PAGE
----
Nothing can take away the pain of losing a daughter. But the Mason family says it finally sees some light at the end of the tunnel when it comes to their financial problems.
Steve and Darnelle Mason were stuck with $200,000 in student loan debt when their daughter, Lisa, died of liver failure five years ago at age 27.
Like a lot of parents, they had co-signed Lisa’s loans for nursing school. But because the money had been borrowed from a private lender, instead of the federal government, they had no way out.
CNNMoney profiled the Masons in July, and the family says the attention sparked an outpouring of help, for them and their three grandchildren who they took in after their daughter passed away.
Now those bills are about to be wiped out completely.
Here’s what has happened since July:
— The Masons have received $41,000 through a campaign on GoFundMe.
— Two of their student loan providers have forgiven more than $60,000 in outstanding debt.
This left them with about $100,000 in debt. Then, a lawsuit over their daughter’s death settled, and their lawyer said he has decided to waive $100,000 in legal fees to help the family pay off the rest.
Money from the settlement will go directly to the Masons’ grandkids, ages 9, 12 and 14.
“The tremendous emotional cost [of losing Lisa] was compounded by a sudden and colossal financial debt,” said family attorney David Fine. “Offering a portion of our fee to the Masons provides a small amount of comfort and security to a wonderful family.”
Just as touching for the Masons was all the non-financial support.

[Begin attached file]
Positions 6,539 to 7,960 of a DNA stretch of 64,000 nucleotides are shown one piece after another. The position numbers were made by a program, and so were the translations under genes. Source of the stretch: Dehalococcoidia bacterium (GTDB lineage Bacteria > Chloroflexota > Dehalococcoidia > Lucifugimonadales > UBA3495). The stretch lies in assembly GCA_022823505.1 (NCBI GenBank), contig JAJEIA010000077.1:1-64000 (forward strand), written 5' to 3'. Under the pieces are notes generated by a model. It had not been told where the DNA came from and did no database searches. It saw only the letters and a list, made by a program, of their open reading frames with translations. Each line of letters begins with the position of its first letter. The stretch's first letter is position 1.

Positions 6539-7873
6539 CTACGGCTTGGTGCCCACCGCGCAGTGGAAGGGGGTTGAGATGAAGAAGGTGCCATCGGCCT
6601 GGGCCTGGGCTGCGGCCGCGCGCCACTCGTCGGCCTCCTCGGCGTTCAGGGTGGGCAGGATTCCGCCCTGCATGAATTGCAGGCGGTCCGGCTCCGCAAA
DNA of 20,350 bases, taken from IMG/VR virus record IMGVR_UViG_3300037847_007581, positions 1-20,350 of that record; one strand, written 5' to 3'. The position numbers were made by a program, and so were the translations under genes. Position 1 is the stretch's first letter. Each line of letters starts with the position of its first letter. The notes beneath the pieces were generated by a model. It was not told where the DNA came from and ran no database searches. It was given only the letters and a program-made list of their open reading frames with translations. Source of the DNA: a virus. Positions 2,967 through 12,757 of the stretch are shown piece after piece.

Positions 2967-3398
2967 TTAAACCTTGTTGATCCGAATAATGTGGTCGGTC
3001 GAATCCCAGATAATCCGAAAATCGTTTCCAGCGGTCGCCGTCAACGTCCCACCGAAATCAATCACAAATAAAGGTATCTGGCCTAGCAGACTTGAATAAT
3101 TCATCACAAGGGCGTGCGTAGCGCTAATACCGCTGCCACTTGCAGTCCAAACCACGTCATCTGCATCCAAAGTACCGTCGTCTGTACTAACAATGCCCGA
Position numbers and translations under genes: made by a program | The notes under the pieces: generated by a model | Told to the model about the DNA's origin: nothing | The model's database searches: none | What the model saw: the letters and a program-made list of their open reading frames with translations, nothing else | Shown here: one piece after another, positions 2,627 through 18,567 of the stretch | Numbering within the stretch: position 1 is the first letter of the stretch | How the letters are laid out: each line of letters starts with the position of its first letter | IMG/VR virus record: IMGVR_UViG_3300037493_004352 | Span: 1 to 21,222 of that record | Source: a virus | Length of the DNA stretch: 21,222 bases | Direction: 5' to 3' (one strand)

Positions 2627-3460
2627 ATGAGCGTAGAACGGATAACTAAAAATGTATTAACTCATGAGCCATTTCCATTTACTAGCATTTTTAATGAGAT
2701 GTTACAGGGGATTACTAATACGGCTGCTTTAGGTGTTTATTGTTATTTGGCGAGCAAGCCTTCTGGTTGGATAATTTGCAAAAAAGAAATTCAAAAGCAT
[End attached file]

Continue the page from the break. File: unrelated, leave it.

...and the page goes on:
— A local orthodontist has offered to give free braces to the Masons’ grandkids.
— People countrywide have sent the Masons more than 150,000 messages of support, as well as gifts for their grandchildren — including a care package with $750 worth of toys.
— Elizabeth Warren highlighted the family’s story at a Senate Banking Committee hearing in July.
— More than 210,000 people have signed the family’s Change.org petition urging lawmakers to require private student loan debt to be forgiven when the primary borrower dies.
— The family says a nonprofit wants to help build a college fund for their three grandchildren.
For Steve and Darnelle, who live in East Highland, California, the support has been life-changing. They both work for a church, and on their salaries they struggled to pay down the debt — especially now that they are supporting three children.
“We are just overwhelmed at the response,” Darnelle said. “We can only hope that this wave [that the story] began will turn into a tsunami for all those other families that suffer as we do.”